Franz Anton Mesmer dies in Germany
The physician died on March 5th, 1815.
The German physician who inspired the modern practice of hypnotism came from a Roman Catholic family in Swabia, near the Swiss border. They lived at a place called Iznang on an arm of Lake Constance and the father, Anton Mesmer, was gamekeeper to the Bishop of Constance. Born in 1734, the third of their nine children was named Franz Anton, but was usually known as Anton. His Catholic education by monks and at two Jesuit universities left him with no zeal for the Church and in his twenties in 1759 he went to study first law and then medicine at the University of Vienna.
By the time he wrote his doctoral dissertation in the 1760s Mesmer was deeply interested in the possible influence of the planets on disease. Drawing on the work of a distinguished English physician, Richard Mead, he suggested that an invisible fluid in the human body is influenced by the planets, just as the moon affects the tides. He later invented the term ‘animal magnetism’ for this phenomenon.
In 1768 Mesmer married a rich widow, ten years older than himself, Anna Maria von Posch. They lived in style in Vienna on her money and he set up in medical practice. He believed that diseases were caused by blockages in the body’s invisible fluid which could be broken by putting a patient into a trance state that would restore the fluid’s normal healthy flow. He experimented with using magnets, but dropped them as he concluded that it was his own personal magnetism – he was a dramatic and commanding character – that brought about the desired result.
Mesmer had an appetite for publicity. He gave lectures and demonstrations and staged cures in a way that upset more conventional Viennese doctors. In 1778 he left Vienna for Paris. Anna Maria apparently did not go with him. He had complained about her extravagance and stupidity and it seems they now parted company. He took an apartment in a fashionable area and opened a clinic in the Place Vendôme.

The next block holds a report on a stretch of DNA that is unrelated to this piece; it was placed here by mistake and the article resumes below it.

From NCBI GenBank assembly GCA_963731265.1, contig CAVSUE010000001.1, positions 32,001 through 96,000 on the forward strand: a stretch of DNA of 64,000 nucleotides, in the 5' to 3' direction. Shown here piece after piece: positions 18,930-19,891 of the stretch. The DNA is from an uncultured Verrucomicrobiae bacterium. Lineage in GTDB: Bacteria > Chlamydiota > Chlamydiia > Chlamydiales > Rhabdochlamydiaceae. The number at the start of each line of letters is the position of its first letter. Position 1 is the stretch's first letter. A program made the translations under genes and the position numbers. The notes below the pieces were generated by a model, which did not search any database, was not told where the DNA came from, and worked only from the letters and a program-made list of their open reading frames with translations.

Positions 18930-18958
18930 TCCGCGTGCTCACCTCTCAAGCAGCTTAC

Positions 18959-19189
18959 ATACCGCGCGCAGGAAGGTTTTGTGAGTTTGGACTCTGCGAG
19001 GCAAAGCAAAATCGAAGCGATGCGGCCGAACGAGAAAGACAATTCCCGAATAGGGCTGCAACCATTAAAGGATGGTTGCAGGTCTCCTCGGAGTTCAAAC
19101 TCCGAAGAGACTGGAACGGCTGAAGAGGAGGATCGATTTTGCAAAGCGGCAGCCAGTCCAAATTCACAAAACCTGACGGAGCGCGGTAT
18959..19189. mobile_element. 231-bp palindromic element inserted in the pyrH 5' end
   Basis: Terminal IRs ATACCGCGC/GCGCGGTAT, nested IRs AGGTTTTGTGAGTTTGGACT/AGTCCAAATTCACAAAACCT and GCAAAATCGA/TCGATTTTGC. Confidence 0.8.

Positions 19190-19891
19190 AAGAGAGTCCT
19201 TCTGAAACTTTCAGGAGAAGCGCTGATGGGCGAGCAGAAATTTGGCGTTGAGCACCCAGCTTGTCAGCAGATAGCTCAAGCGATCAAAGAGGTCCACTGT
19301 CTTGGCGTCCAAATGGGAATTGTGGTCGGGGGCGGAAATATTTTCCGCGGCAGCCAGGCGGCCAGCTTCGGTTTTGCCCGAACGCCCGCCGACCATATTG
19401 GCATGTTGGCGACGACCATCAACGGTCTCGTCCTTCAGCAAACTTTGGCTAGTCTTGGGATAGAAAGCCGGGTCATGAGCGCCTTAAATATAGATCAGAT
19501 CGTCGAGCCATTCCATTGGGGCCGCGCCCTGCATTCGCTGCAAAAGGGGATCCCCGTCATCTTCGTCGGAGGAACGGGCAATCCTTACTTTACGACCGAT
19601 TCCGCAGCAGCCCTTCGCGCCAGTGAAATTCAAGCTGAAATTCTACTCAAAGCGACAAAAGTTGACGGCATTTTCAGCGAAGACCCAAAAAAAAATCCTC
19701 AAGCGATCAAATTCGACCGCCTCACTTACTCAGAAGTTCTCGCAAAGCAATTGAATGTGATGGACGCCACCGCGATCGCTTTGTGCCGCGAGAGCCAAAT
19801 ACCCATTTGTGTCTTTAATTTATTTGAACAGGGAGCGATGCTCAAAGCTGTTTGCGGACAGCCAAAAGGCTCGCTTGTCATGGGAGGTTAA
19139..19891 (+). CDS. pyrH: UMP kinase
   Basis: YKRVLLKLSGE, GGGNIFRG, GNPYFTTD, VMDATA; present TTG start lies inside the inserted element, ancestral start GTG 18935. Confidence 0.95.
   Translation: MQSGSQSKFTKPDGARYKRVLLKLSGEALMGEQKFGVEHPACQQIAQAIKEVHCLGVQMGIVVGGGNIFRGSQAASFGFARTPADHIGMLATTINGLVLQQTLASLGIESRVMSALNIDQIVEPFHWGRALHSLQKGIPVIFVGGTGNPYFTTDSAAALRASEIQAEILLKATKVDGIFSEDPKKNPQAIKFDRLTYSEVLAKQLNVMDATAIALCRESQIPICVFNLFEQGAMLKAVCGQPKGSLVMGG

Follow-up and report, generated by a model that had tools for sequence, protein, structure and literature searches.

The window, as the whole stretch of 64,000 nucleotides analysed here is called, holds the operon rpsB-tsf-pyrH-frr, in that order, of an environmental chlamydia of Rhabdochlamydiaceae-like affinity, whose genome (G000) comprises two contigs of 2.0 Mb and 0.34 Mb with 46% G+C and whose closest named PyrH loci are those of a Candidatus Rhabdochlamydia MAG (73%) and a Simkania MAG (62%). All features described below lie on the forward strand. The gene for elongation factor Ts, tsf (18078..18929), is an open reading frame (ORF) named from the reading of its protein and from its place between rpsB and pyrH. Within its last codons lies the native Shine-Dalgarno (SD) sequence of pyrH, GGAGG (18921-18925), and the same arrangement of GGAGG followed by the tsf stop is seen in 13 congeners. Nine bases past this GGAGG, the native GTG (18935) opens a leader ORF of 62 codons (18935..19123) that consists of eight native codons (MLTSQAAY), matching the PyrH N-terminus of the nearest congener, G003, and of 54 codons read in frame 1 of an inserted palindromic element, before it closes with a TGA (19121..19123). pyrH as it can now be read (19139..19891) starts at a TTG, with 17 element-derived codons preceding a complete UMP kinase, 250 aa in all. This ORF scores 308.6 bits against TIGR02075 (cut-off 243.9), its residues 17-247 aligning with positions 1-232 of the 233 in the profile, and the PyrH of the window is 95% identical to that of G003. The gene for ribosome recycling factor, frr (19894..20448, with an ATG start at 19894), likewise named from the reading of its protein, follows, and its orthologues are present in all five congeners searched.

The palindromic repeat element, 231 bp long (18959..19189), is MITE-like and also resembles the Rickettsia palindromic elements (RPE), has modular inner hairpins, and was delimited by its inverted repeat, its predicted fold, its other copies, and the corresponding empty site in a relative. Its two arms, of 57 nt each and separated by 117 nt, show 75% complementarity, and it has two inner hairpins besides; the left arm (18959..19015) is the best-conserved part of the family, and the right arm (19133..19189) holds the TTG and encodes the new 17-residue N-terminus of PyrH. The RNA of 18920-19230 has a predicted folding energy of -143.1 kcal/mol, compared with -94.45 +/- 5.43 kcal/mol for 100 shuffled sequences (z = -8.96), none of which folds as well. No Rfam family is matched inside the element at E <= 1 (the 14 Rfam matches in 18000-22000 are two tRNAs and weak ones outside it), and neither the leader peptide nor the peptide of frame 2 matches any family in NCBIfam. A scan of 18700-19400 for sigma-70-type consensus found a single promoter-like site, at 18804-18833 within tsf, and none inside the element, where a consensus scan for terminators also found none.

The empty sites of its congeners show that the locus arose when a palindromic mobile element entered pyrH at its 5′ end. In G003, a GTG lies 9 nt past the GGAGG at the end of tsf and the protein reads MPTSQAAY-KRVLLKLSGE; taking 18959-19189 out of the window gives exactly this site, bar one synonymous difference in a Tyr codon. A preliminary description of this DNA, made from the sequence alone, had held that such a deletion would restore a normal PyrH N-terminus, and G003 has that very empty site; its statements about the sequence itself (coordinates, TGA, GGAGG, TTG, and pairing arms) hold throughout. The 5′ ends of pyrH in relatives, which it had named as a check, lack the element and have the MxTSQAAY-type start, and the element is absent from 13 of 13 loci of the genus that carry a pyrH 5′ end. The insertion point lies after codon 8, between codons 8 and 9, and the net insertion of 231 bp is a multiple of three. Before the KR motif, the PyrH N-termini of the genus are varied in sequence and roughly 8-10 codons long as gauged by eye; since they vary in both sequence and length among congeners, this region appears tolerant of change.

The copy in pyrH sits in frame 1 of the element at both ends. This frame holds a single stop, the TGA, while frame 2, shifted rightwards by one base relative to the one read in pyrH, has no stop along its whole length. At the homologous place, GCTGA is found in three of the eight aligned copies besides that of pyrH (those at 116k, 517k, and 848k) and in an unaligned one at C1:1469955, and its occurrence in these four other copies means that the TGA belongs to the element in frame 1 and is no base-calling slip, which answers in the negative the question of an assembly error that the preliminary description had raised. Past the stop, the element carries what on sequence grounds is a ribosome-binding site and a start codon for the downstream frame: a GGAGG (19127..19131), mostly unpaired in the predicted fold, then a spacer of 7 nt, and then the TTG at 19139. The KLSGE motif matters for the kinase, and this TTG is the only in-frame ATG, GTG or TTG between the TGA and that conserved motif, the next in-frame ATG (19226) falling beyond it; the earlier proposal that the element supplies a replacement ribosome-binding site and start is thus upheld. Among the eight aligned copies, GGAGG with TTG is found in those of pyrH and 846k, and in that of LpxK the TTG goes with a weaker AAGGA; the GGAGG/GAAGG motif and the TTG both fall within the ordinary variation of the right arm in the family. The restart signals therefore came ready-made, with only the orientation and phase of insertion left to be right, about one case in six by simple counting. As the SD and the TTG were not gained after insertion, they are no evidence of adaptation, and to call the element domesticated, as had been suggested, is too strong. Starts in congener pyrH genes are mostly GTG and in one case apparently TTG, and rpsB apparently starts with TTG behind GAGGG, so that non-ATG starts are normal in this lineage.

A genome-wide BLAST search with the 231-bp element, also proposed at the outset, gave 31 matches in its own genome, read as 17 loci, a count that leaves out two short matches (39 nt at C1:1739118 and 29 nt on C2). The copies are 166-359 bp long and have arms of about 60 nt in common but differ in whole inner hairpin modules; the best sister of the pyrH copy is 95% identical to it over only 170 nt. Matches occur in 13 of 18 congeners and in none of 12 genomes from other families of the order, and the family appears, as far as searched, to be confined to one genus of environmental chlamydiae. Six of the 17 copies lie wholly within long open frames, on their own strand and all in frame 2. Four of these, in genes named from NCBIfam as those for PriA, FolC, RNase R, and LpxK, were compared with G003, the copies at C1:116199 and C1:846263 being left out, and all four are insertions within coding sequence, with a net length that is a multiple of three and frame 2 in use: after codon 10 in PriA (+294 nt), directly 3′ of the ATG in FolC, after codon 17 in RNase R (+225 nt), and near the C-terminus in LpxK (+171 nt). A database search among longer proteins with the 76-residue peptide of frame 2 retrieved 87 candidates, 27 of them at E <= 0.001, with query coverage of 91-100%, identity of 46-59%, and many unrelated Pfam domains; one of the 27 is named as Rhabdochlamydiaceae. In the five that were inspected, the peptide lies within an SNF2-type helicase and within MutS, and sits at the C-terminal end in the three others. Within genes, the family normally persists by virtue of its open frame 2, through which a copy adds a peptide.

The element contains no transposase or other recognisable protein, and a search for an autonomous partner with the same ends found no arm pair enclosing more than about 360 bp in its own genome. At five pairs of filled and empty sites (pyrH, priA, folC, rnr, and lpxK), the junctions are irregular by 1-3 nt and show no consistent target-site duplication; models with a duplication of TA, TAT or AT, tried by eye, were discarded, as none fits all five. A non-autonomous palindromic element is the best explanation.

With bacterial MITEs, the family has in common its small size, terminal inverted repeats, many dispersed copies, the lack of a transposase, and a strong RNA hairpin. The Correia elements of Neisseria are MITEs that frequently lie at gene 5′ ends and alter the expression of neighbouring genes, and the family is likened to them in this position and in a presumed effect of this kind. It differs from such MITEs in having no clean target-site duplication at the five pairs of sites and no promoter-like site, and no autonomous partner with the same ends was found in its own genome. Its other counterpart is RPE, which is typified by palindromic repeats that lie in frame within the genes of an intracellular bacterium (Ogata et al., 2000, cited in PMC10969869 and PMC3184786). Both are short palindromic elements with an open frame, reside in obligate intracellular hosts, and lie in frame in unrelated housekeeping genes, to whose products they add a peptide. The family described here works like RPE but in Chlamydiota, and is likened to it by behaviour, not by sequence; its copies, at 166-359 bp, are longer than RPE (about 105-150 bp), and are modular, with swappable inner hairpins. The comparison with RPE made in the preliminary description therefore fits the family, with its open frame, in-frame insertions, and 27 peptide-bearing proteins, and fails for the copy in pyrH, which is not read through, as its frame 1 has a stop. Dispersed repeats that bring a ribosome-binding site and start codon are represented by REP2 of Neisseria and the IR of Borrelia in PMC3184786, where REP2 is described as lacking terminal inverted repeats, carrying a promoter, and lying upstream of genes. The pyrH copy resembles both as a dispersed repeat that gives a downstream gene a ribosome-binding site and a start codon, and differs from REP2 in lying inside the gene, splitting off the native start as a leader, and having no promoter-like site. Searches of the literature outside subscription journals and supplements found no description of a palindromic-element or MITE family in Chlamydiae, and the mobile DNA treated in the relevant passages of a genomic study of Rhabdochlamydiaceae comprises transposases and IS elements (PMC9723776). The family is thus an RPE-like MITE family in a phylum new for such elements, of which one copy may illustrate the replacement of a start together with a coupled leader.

He soon attracted attention from those who thought him a brilliant innovator, but the French medical establishment largely regarded him as a charlatan. He would sit in front of a patient with his knees touching theirs and then make ‘passes’ with his hands over the patient’s shoulders and down the arms. Many of his patients felt strange sensations and some went into convulsions. So many came flocking to the clinic that he sometimes treated them in groups, who touched their bodies with iron bars protruding from a tub of fluid while they were linked together by holding a rope. An English observer said that Mesmer could cause convulsions by moving his hands without touching the patient.
Mesmer became the talk of Paris. He wrote little himself, but he gained disciples who wrote admiringly about him and his technique began to be called ‘mesmerism’. It spread across France to such an extent that in 1784 Louis XVI set up a commission of enquiry, whose members included the chemist Antoine-Laurent Lavoisier, the astronomer Jean-Sylvain Bailly and Joseph-Ignace Guillotin, the doctor who gave his name to the guillotine. The chairman was the US ambassador Benjamin Franklin. The commission did not talk to Mesmer or any of his patients, but focussed on whether mesmerism’s invisible bodily fluid actually existed. It reported that there was no evidence for any such invisible fluid and that mesmerism’s effects on a patient must be attributed to the patient’s imagination and could well be harmful.
The commission’s report had a shattering effect on Mesmer. He had discovered something important, but he had never properly understood how it worked. He now began a slow retreat into himself. He closed his Paris clinic, returned to Vienna for a time to sort out financial matters after the death of his wife and then travelled in Europe before retiring to the area near Lake Constance where he had grown up. He lived quietly for many years at Frauenfeld in Switzerland on the lake’s southern shore before settling finally at Meersburg in Swabia. He did not marry again and he had no children. He suffered agonies with bladder problems before dying at the age of 80 at Meersburg.
Mesmer had gone and his theory of an invisible fluid in the body had gone, too, but as the 19th century wore on a more scientific approach developed. The most important single figure was James Braid, a Scottish physician in Manchester who coined the terms ‘hypnotism’ and ‘hypnosis’ from Hypnos, the Greek god of sleep, after experiments in the 1840s. There is no doubt now that hypnotism works, for good or sometimes for ill, but it is still not fully understood.